Move - July 1, 2016
How Flexible Are You?
Flexibility is one of the most undervalued, overlooked element of optimal fitness. We know the importance of cardiovascular activity for boosting heart health and burning calories, and we love how strength training builds a strong, toned body. But when it comes to stretching and flexibility—the third component of total fitness—the payoff is not so palpable, though it is equally important.
“As we get older, the area around our joints becomes dry and less flexible,” says Pamela M. Peeke, MD, author of Body for Life for Women: A Woman’s Plan for Physical and Mental Transformation, “Stretching helps ‘grease’ the joints, so to speak.”
Testing Your Flexibility
So, are you as flexible as you should be? Peeke recommends this very simple test: Get down on the floor and try to get up. If you can get up easily, you’re in good shape; if you struggle, you’ll want to start stretching regularly or increase the amount that you’re currently doing. “Getting up off the ground requires both strength and flexibility,” says Peeke, who also suggests that you think about your flexibility in functional terms: How easy is it to do simple things such as bend over to tie your shoes, get out of bed in the morning and walk to the bathroom to brush your teeth, hike a trail? If these activities feel uncomfortable or hindered by tightness in muscles or joints, make a commitment to stretch regularly—at Curves and throughout the day. “When you get up from a chair, take a minute to stretch,” she says.
The Benefits of Being Flexible
Many people carry tension in their hamstrings and lower back muscles, which can lead to lower back pain and poor posture. Stretching can release that tension, help restore posture, and prevent lower back pain. Moving beyond those muscle groups to stretch your body from head to toe will help prevent loss of motion throughout and can increase joint mobility, giving you greater range of movement for all physical activity.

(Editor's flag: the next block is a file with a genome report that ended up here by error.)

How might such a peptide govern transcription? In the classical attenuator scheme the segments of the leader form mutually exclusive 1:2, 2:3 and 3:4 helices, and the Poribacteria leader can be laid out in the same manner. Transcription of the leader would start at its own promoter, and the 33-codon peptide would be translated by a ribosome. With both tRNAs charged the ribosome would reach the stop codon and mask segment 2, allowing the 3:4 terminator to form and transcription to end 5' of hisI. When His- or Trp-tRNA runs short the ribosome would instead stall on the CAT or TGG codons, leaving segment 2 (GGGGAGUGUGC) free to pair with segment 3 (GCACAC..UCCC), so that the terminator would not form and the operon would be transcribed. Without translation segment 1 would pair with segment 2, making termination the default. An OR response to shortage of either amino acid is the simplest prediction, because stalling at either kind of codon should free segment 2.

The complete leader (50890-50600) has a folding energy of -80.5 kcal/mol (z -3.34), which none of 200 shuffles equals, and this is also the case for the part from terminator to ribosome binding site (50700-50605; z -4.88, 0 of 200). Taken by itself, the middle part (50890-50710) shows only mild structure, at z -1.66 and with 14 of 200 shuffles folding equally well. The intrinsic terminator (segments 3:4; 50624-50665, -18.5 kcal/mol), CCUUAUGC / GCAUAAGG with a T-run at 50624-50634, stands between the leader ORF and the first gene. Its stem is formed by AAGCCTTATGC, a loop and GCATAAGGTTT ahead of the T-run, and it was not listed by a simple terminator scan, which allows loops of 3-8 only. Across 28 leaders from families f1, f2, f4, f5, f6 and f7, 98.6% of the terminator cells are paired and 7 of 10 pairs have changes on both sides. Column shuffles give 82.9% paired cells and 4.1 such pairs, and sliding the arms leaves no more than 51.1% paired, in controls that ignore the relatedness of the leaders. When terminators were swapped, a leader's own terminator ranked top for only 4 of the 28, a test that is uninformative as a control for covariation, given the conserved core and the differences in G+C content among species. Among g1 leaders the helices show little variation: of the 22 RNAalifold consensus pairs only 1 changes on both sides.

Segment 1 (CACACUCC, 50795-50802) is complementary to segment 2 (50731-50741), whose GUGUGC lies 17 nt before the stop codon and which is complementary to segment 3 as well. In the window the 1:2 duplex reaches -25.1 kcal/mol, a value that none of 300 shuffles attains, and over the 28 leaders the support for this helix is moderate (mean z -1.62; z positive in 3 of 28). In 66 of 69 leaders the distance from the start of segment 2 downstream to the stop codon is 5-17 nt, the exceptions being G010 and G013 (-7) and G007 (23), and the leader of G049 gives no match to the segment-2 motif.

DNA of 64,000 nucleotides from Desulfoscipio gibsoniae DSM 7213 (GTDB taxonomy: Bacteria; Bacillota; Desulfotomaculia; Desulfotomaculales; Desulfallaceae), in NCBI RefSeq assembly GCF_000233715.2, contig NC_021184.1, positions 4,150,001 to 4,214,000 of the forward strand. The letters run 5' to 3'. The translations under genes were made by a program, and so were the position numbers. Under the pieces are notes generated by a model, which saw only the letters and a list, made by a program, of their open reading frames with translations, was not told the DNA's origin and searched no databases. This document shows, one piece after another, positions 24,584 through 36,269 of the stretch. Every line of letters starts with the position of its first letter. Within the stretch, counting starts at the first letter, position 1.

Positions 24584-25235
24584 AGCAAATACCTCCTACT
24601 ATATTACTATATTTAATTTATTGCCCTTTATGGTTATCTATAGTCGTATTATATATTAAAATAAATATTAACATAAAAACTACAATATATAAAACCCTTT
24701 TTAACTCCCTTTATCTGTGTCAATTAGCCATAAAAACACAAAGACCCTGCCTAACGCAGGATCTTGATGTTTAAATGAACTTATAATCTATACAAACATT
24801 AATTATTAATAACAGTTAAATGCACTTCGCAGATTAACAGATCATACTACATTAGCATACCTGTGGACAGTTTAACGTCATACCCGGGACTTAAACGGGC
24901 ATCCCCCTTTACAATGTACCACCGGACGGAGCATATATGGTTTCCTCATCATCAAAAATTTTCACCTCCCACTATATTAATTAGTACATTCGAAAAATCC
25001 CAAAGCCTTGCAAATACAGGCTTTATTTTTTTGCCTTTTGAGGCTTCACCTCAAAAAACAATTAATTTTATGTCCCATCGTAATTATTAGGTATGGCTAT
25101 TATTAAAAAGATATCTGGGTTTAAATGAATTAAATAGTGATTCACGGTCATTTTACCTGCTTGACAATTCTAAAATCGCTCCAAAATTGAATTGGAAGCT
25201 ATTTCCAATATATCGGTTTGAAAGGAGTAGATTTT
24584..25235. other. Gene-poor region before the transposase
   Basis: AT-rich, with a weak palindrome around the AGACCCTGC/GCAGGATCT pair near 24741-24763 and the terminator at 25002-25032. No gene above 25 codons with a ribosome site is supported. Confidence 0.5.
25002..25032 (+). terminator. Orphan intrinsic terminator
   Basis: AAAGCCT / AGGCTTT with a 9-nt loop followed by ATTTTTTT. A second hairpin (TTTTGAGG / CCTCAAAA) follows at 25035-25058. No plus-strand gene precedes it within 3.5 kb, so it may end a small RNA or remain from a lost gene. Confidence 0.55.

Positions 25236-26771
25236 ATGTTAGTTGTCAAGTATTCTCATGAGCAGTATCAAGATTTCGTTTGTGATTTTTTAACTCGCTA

When muscles are flexible, daily activities become easier. Lifting groceries, putting those groceries away in your cupboard, picking up your child or grandchild, even getting out of bed in the morning—all of this is easier when your muscles are stretched.
Do you enjoy golf, tennis, swimming, or perhaps kickball with the kids in the backyard? Flexibility provides the range of motion you need for your best swing, stroke, or kick, and it helps prevent injury by allowing fluid movement of joints and muscles during physical activity. Post-activity, stretching helps relieve tension and soreness.
Stretching is even good for your mind, encouraging mental and emotional relaxation as it releases tension from your muscles. At the end of a Curves workout, it offers an opportunity for you to enjoy conversation and camaraderie with your fellow Curves friends.
Flexing Your Muscle at Curves
Whether you are a regular on the traditional Curves circuit or you frequent the specialty classes like Boxing‡, or Balance,‡ you’ll finish off your workout with stretches from head to toe for complete and balanced flexibility. As you stretch each muscle group, make sure you follow these important guidelines:
- Don’t bounce, gradually move into the stretch to the point where you feel a slight pull on the muscle, but not to the point of pain.
- Hold each stretch for 15 seconds; release and repeat two to four additional times.
- Stretch both sides of your body to prevent an imbalance.
- Keep breathing; don’t hold your breath during stretching.